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According to Steve Hsu, young women (early twenties) doing commercially motivated egg donations sometimes have 60-100 eggs harvested in a single cycle. He mentioned this in his podcast with Dwarkesh Patel. Since this increases the chance of success without increasing cost of extraction or storage, it adds to the incentive for such early intervention.

Another note: 40 year old women still have, on average, 8,000 immature eggs in their ovaries. The problem at that age is quality, not quantity.

https://journals.plos.org/plosone/article?id=10.1371/journal.pone.0008772 (see figure 1)

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Harvesting that many eggs has a high risk of OHSS, so it is considered not best medical practice to purposely give doses of hormones that are so high that that many eggs are expected to be matured. It's not an exact science, and some younger women or women with PCOS have higher than expected numbers of mature oocytes on typical dosing. But routinely harvesting 50-100 is medically questionable.

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You should have mentioned Brigitte Adams in your article. The poster child of "Freeze your eggs, Free your career" froze 11 eggs in her late 30s.

"Two eggs failed to survive the thawing process. Three more failed to fertilize. That left six embryos, of which five appeared to be abnormal. The last one was implanted in her uterus. On the morning of March 7, she got the devastating news that it, too, had failed.

Adams was not pregnant, and her chances of carrying her genetic child had just dropped to near zero. She remembers screaming like “a wild animal,” throwing books, papers, her laptop — and collapsing to the ground."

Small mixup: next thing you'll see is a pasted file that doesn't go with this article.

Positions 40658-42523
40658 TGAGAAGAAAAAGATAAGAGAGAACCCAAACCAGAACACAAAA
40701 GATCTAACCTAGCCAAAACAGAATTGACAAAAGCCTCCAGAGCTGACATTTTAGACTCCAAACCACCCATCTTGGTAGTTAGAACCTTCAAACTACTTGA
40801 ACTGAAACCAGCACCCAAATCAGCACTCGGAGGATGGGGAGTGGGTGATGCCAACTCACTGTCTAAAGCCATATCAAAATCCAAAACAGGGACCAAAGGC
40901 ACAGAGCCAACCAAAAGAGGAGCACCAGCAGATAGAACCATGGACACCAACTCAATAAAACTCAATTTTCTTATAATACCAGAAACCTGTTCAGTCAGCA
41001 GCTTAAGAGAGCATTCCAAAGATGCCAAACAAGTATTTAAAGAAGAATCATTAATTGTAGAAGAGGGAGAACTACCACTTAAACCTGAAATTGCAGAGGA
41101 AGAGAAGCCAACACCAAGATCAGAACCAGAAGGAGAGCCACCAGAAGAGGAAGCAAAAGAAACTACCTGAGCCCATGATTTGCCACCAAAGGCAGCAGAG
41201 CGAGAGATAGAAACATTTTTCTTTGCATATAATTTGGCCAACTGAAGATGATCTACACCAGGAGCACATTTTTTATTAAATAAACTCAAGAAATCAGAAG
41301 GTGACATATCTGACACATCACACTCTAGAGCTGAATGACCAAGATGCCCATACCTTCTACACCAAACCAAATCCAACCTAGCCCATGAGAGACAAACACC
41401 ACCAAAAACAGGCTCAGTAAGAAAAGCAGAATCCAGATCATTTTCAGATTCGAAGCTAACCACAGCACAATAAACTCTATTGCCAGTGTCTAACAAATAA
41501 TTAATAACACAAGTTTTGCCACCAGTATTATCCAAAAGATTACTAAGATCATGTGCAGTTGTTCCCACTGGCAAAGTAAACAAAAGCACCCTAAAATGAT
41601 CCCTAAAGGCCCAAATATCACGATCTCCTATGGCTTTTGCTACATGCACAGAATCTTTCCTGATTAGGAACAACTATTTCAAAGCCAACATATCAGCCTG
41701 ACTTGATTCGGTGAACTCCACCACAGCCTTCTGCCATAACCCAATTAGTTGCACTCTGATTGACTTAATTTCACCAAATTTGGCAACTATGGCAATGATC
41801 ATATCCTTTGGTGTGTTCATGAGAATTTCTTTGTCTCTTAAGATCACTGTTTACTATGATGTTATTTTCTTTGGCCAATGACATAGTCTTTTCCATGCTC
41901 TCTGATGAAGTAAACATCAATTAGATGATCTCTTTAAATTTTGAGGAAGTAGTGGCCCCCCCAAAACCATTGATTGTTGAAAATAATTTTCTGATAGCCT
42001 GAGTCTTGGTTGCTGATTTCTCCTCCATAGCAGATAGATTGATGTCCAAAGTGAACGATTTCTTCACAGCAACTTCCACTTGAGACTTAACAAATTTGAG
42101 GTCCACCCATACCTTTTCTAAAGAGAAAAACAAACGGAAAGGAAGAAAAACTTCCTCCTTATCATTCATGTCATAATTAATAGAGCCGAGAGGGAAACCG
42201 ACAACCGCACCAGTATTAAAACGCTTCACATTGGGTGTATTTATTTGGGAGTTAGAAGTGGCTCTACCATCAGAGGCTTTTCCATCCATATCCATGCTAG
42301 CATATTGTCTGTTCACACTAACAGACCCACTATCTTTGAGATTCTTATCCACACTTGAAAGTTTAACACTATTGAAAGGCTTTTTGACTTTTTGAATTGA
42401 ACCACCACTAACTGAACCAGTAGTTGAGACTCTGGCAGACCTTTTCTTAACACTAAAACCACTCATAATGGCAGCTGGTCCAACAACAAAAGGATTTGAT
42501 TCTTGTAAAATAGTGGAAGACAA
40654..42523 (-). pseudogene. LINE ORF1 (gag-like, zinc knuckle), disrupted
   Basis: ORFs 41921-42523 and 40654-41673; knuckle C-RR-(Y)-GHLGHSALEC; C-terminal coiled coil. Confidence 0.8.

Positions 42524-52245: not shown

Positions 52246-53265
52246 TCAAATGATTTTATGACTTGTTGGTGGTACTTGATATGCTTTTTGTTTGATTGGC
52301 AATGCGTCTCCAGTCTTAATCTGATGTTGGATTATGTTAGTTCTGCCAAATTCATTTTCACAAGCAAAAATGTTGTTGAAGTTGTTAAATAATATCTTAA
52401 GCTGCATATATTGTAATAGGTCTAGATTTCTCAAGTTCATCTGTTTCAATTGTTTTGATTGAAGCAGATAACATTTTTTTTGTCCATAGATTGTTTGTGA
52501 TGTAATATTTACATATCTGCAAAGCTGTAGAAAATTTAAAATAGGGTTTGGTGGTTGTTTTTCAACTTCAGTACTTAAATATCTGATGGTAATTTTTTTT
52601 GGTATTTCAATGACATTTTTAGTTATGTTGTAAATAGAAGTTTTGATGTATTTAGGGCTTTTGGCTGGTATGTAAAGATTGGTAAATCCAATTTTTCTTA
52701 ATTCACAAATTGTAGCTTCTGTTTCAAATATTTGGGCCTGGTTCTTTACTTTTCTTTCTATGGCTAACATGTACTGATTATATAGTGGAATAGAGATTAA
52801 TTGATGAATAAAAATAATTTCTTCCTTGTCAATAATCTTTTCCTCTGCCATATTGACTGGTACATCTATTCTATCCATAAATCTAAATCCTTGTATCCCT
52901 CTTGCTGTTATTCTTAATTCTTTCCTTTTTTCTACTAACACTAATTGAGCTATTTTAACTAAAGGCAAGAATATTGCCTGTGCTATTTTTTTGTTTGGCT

https://www.washingtonpost.com/news/national/wp/2018/01/27/feature/she-championed-the-idea-that-freezing-your-eggs-would-free-your-career-but-things-didnt-quite-work-out/

She ended up having a baby with a donor egg. Basically she became a surrogate mother. And about your example of women doctors. You might want to read this story:

https://www.nytimes.com/2021/09/13/health/women-doctors-infertility.html

25% of women doctors end up infertile. I would love to see what percentage of female doctors end up childless.

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author

why would I include these examples? My piece makes it clear for a woman with her characteristics the chance of birth is <50%

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Sep 30, 2023Liked by Ruxandra Teslo

I'm not bashing your article. I posted links to reputable news sources on this topic. And Brigitte Adams is famous precisely because she was on the cover of Businessweek magazine gloating about her frozen eggs. But just a few years after being the poster girl of egg freezing, all 11 of her eggs failed. I'm sure that she makes enough money to do multiple IVF cycles to freeze more eggs. And also freeze them with different companies because "don't put all your eggs in one basket.". But she never did that.

I'm definitely pro egg freezing and I'm all for IVF and embryo selection with PGS. The article on infertile women doctors clearly shows the problem. If women doctors don't even know how small their fertility window is, what do you think are the odds that a "HR lady" know this?

It's good that you're writing this to raise awareness though. Kudos to you.

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author

Thanks, makes sense. I guess I rely on people to understand these percentages and their implications? I know not everyone does, but yeah...

Like the procedure looks better than I thought but it’s still far from guaranteed live birth